How Bruderer is leading the UK market for high-speed precision punching and stamping technology 

Headquartered in Switzerland, Bruderer is the UK’s leading manufacturer of high-quality, high-speed precision stamping presses and an impressive portfolio of press shop accessories. With decades of experience and industry knowledge, Bruderer is renowned for superior quality and unrivaled precision.

Adrian Haller, Managing Director of Bruderer UK

It is the go-to companßy for high-speed machine presses ranging from ten-to-250 tons, servo feeds, and all types of press ancillary equipment like press and plastic mold tooling components, as well as press and tool monitoring systems. With this in mind, Bruderer has evolved to provide complete turnkey stamping solutions that can be customized to each individual client. Adrian Haller, Managing Director of Bruderer UK, joins us to discuss the company’s ongoing success.

“Bruderer has been established in the UK for 55 years now and is the oldest subsidiary of our Swiss head office,” Adrian begins. “We’re involved with nearly every kind of manufacturing sector, from building and construction to electronics, food, automotive, and even medical. Every day, people will touch or interact with something that Bruderer has been involved with at some point in its development. Bend formed stamps form part of several everyday items, from coke cans to mobile phones and even the zips and buttons on your clothes.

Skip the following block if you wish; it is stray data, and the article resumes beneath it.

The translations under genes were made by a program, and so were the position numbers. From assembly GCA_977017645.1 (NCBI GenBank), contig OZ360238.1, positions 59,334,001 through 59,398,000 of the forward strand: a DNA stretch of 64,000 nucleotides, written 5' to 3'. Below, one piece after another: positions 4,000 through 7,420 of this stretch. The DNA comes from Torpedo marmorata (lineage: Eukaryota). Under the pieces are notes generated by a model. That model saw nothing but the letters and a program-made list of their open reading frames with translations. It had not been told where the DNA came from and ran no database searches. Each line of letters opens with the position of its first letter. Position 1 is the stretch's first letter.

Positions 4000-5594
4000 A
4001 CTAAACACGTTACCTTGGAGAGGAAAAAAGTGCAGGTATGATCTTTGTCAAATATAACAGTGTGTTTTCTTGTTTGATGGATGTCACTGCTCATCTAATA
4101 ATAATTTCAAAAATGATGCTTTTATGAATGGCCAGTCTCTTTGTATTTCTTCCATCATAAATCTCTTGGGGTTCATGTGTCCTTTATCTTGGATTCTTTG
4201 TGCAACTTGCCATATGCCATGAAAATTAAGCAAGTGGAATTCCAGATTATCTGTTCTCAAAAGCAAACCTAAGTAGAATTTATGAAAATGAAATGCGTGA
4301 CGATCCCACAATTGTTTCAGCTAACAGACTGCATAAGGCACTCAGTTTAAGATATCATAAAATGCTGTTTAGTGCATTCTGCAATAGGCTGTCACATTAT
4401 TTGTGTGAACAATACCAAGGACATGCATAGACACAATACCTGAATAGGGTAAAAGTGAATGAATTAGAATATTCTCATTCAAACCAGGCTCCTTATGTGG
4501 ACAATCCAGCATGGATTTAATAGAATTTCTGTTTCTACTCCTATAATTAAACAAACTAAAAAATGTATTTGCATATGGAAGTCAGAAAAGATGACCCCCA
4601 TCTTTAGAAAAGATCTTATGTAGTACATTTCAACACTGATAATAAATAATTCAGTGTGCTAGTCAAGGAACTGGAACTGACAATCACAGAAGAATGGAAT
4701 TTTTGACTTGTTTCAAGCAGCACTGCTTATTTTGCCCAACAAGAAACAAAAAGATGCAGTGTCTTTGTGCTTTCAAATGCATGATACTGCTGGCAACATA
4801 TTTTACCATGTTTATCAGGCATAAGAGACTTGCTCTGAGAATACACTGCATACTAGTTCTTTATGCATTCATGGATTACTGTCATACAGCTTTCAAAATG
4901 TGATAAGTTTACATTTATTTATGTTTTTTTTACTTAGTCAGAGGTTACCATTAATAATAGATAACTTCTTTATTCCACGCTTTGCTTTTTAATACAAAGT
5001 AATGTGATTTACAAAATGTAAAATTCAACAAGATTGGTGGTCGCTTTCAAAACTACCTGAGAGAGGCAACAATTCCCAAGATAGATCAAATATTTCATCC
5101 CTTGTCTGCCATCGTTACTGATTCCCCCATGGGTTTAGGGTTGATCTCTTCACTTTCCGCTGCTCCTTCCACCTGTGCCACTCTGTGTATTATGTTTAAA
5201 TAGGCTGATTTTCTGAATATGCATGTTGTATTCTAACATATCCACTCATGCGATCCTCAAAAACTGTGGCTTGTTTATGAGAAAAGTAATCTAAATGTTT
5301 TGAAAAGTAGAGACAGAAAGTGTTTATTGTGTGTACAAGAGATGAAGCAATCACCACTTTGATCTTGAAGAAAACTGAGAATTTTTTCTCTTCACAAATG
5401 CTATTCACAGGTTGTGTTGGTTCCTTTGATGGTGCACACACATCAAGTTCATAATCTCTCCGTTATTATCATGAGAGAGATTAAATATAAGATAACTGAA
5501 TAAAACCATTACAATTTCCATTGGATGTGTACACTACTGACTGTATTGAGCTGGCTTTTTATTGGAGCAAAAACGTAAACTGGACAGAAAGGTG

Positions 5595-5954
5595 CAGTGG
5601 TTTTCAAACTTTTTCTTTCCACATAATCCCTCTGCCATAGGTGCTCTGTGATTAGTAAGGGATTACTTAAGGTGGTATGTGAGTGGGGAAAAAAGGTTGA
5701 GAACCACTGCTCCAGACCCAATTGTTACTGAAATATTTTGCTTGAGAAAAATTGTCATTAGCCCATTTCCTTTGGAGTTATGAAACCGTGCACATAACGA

“Our UK business is predominantly the sale of new machines, but we also refurbish older machines and have recently started to offer full turnkey solutions. These projects typically come about when a customer wants to make a widget; we do the design, tooling, and delivery, offering a complete package including components. Training is paramount for a successful turnkey solution, so we ensure our highly skilled technical engineers are always on hand to ensure our customers can use machines to their fullest capabilities after installation.

“We build positive, longstanding relationships with our clients, some of whom often lean on our expertise to assist them in achieving a fully operational solution,” Adrian explains. “Sometimes, this could be taking a customer’s initial concept right through to a working manufacturing line with full suites of tooling, or it could be supplying individual items to upgrade existing presses and press lines.”

Bruderer’s latest development in the UK is a long-awaited office move, which will see the UK division relocate from Luton to Telford. “It’s been five-to-eight years in the making, but I’m happy to say the builders are beginning work as we speak,” Adrian reveals. “The decision to move was largely driven by our employees, as many of them are geographically based in the Midlands. We chose Telford because it’s surrounded by blue chip companies and is strategically positioned close to the UK’s major road networks. It’s also near to our training facilities, which will be key moving forwards as we take on new employees and apprentices.